To begin with, grab something with a UPC code on it. There should be a number to the left, two sets of 5 numbers in the middle, and another number to the right. The single digit and the set of five on the left are used to identify the manufacturer, the set of five on the right identifies the product, and the digit on the right is a check digit.

Part of the trick to reading UPC's is being able to read between the lines - the white space is just as important as the black space. The UPC should start with a black line, a white line, another black. This should also be on the right edge. These markers are used like mile markers... They just help the laser scanner make sure it's reading right. In the center there will be a white, black, white, black, while group, with the lines usually going down a little further than the rest.

ValueLeft Code Right Code

Left Start Code=101
Right Start Code=101
Center Code=01010

While the UPC may look like a combination of thick lines and thin lines, it is actually nothing but thin lines; Two thin black lines next to each other look like a thick line. Each number of the UPC is represented by 7 thin lines, and the code to decipher them is given in the table. Count black lines as a 1 and white lines as a 0. As you might have guessed, lines to the left of the center are encoded using the "Left Code" in the table, and those on the right with the "Right Code". For the sake of well-roundedness, notice that the Left Code is the compliment of the Right Code (ie it's the opposite).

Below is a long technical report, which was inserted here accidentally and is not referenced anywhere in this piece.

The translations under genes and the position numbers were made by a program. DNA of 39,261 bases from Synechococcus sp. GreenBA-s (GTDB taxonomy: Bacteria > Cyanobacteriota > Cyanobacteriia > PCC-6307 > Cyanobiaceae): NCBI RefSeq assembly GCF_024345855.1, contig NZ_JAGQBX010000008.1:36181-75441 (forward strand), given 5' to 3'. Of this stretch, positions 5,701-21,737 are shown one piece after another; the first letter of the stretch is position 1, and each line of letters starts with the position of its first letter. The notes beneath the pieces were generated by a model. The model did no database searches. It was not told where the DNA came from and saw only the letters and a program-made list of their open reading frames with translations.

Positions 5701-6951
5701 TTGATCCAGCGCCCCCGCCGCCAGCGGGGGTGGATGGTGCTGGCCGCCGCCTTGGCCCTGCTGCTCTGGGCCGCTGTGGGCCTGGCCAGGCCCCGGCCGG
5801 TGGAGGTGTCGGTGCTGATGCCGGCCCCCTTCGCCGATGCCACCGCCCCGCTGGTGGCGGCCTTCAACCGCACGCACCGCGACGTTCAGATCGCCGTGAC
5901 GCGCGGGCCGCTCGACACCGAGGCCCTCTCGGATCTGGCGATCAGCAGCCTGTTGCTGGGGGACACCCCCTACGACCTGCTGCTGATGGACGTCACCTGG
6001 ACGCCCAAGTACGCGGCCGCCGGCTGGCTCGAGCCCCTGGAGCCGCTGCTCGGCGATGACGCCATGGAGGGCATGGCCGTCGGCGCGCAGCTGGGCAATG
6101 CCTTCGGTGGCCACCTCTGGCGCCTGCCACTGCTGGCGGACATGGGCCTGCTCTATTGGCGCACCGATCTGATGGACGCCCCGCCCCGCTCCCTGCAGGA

The digit on the right (the check digit) is used to let the scanner know if it's reading correctly. To get it, sum the odd-spaced numbers (ie #1, #3, #5, etc) and then multiply that sum by 3. Add to this the sum of the even-spaced numbers. The check digit is the number you would need to add to make your number a multiple of 10.

As an example, say I want to make a UPC with a manufacturer code of 012345 and a product code of 67890. The UPC would be:

101 0001101 0011001 0010011 0111101 0100011 0110001 01010 1010000 1000100 1001000 1110100 1110010 1001110 101
Left   0       1       2       3       4       5    Center   6       7       8       9       0       5    Right

To get the check code, we find 3*(0+2+4+6+8+0)+(1+3+5+7+9)=85. Since 90 is the next multiple of 10, 5 must be added, and 5 is the check code.

In a nutshell, that's it - if I've made any typos or forgotten anything shoot me an e-mail. A good place for more information (in fact, probably better than this place) is